And that last hour - speak of it. Remember that, beyond the naked
fact of the catastrophe itself, I know nothing. When, coming out from
among mankind, I passed into Night through the Grave - at that
period, if I remember aright, the calamity which overwhelmed you was
utterly unanticipated. But, indeed, I knew little of the speculative
philosophy of the day.
The individual calamity was as you say entirely unanticipated;
but analogous misfortunes had been long a subject of discussion with
astronomers. I need scarce tell you, my friend, that, even when you
left us, men had agreed to understand those passages in the most holy
writings which speak of the final destruction of all things by fire,
as having reference to the orb of the earth alone. But in regard to
the immediate agency of the ruin, speculation had been at fault from
that epoch in astronomical knowledge in which the comets were
divested of the terrors of flame. The very moderate density of these
bodies had been well established. They had been observed to pass
among the satellites of Jupiter, without bringing about any sensible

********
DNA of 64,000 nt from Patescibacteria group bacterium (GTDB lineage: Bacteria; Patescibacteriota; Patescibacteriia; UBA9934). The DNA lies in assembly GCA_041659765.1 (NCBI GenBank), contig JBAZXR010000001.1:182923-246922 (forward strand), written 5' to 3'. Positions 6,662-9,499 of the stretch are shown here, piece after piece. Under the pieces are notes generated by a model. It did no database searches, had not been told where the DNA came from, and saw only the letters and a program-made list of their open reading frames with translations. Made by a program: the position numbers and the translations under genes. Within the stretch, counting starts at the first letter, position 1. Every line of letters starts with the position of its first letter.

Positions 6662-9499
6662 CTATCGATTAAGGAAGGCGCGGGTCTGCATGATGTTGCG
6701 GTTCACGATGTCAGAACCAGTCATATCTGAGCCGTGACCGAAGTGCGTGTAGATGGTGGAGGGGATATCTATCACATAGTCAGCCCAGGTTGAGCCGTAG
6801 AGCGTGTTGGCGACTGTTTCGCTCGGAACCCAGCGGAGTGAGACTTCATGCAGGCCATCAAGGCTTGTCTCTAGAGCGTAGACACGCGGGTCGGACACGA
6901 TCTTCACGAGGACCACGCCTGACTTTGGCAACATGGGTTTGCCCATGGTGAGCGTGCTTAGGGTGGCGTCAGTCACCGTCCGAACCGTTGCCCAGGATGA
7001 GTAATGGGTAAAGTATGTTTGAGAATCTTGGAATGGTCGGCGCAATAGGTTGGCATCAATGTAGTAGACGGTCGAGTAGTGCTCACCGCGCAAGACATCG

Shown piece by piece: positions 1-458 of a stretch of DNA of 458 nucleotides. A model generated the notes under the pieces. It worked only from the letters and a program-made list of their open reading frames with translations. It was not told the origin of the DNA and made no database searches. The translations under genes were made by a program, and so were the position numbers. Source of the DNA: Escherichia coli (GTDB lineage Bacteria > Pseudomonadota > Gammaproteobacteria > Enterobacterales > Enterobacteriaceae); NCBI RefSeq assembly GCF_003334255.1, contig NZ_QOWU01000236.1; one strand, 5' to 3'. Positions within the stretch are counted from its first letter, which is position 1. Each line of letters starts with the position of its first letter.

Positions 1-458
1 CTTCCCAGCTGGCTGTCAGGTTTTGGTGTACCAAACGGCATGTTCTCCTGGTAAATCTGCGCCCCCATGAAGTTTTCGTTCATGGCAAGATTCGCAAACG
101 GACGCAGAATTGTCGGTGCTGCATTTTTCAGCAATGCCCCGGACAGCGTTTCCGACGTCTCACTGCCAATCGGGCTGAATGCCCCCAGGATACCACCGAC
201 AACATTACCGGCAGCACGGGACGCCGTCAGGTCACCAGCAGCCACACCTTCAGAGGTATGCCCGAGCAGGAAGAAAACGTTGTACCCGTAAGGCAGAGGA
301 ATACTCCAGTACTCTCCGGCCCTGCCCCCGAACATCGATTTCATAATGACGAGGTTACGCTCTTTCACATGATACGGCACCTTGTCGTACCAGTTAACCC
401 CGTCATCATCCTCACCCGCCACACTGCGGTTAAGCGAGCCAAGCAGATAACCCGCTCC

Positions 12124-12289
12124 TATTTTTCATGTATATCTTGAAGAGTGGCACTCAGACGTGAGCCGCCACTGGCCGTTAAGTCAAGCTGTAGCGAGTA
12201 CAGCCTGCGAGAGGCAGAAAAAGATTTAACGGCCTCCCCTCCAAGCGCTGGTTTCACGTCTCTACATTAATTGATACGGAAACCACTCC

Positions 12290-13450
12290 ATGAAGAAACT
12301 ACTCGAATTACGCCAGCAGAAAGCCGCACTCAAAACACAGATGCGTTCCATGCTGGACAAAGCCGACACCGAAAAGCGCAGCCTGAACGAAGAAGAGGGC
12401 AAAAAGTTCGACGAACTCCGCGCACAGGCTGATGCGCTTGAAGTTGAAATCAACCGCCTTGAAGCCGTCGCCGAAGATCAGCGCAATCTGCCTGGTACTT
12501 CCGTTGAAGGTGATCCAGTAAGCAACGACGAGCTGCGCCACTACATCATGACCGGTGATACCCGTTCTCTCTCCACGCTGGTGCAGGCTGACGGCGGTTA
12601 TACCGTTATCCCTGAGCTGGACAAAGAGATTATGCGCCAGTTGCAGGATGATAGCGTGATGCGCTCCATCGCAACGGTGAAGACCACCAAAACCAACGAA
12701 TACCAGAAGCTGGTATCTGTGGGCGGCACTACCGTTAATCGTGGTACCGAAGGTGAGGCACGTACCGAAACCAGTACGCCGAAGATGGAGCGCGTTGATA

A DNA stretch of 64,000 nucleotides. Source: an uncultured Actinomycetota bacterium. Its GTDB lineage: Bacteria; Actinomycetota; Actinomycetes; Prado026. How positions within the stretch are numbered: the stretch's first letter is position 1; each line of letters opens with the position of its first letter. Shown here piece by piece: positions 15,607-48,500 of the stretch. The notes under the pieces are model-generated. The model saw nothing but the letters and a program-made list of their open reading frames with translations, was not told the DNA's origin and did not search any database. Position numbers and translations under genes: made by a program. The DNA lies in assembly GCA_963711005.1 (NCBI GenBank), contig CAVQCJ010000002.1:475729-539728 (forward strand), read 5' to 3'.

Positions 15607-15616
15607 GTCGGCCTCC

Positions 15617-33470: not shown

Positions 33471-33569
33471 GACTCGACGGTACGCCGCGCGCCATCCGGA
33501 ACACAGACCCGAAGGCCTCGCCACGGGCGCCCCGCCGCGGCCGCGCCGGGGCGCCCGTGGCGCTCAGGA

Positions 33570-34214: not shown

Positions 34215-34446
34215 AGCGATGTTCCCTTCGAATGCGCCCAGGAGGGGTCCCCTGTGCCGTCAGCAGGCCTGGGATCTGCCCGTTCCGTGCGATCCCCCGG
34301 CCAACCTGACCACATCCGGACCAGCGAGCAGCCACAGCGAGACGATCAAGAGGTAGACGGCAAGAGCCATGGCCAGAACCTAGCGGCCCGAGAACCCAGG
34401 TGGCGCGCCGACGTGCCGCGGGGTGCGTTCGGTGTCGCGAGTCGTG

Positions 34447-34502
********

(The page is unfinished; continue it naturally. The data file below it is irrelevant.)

alteration either in the masses or in the orbits of these secondary
planets. We had long regarded the wanderers as vapory creations of
inconceivable tenuity, and as altogether incapable of doing injury to
our substantial globe, even in the event of contact. But contact was
not in any degree dreaded; for the elements of all the comets were
accurately known. That among them we should look for the agency of
the threatened fiery destruction had been for many years considered
an inadmissible idea. But wonders and wild fancies had been, of late
days, strangely rife among mankind; and, although it was only with a
few of the ignorant that actual apprehension prevailed, upon the
announcement by astronomers of a new comet, yet this announcement was
generally received with I know not what of agitation and mistrust.